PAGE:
In our last post, we featured Michael Novak (1933 – 2017) talking about whether nature is more about equality or inequality.
In this post, we highlight another key global point also with reference to Mr. Novak: That whenever examining the thought of great thinkers of the past, whatever the type (academic to businessperson to politician to clergyman to soldier to Mom or Dad or to friend or foe – whomever), always take a close look at how they actually lived their lives in relation to their thinking and what actually happened in them.
In other words, “if you are going to talk the talk, you have to walk the walk.” This is what life praxis is all about, and we’ll be coming back to this point over and over again in our worldview discussions in the future.
To get back to Mr. Novak, whether one agreed or disagreed with him, most who knew him had great respect for how he lived his life and who he became.
Please note the featured articles below from the Wall Street Journal that appeared in 2017 the day after he died.
Not many have received such immediate recognition – whether U.S. presidents or popes.
Praxis Circle is proud to have spent almost a full day with Mr. Novak in Washington interviewing him, and we are reasonably certain the interview you see on the Praxis Circle website (at the bottom of the linked page) was one of the last ones of his life.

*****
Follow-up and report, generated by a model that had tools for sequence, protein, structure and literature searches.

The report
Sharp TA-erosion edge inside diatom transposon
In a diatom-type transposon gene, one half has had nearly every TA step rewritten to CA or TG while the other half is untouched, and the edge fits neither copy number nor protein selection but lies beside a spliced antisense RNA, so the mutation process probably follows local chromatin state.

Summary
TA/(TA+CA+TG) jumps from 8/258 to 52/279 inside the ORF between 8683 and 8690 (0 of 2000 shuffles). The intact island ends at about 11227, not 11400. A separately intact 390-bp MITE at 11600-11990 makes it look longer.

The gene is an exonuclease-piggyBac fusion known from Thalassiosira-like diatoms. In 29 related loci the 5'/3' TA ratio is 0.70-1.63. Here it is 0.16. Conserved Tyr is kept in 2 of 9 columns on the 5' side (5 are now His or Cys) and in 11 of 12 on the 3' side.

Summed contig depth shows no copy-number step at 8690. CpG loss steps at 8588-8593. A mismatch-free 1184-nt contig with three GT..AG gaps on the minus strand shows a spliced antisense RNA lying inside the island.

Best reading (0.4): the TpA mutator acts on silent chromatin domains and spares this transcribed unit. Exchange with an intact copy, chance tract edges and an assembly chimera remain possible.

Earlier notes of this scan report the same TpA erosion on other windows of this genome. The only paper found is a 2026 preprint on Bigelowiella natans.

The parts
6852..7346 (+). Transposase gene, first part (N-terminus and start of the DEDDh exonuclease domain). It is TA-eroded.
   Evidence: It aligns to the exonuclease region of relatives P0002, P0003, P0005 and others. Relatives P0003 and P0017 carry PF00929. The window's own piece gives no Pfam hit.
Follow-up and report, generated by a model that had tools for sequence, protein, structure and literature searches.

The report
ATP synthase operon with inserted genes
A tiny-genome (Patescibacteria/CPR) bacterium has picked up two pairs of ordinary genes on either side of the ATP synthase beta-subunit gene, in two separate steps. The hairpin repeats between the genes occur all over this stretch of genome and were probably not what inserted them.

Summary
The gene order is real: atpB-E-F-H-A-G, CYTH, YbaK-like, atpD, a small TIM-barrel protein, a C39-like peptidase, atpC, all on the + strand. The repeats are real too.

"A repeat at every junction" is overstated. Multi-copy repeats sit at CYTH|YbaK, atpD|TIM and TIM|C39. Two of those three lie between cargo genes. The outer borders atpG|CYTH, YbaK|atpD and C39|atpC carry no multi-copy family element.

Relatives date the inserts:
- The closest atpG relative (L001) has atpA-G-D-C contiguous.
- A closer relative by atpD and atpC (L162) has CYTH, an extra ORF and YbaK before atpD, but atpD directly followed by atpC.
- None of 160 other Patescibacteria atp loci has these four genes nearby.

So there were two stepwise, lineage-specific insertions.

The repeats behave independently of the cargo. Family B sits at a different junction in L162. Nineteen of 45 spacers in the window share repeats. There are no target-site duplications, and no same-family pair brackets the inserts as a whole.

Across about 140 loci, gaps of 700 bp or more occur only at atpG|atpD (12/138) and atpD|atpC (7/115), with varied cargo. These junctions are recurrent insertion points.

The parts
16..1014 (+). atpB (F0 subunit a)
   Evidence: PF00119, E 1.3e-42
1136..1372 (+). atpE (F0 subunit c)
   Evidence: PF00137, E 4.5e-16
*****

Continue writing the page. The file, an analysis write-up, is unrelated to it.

In sum, we were drawn to Mr. Novak because of the worldview he presented concerning the American political, economic, and cultural systems as described in his beautifully simple book, The Spirit of Democratic Capitalism (1982).
So, a very brief and highly selective summary of Mr. Novak’s life is in order to begin a comparison of thought-to-action, as suggested above:
Mr. Novak was born in Johnstown, PA, where the terrible, historic flood occurred in 1889, up river from Pittsburgh, into a Catholic blue-collar family working in and around the heart of the steel industry. His grandparents had immigrated from Slovakia in the early 1900’s. His family was familiar with poverty in their community, had strong union ties, and had direct experience with the “robber barons” of old.
Tragic floods continued in blossoming Johnstown into the 1930’s (population approximately 60,000) and beyond, and Mr. Novak remarked, “Just growing up in that town taught me about the nothingness that underlies all things, the immensity of human suffering, and the need to dig deep for the steady will to create anew.” (pp. 11-12, see book reference at the bottom of the post).
Mr. Novak was clearly a brilliant student and rose to the top quickly, among the first in his family to do so, getting his master’s in history and philosophy at Harvard.
Mr. Novak’s family was strongly Democrat, and he had the distinction of having created Senator Kennedy’s “New Frontier” presidential campaign slogan at age 27 in 1960; later in the 60’s and 70’s, he influenced the presidential campaigns of Robert Kennedy, Eugene McCarthy, and George McGovern as a strategist and speech writer. In addition, he was present for the momentous Second Vatican Council in Rome in 1963, having left pursuit of a doctorate at Harvard to become a writer.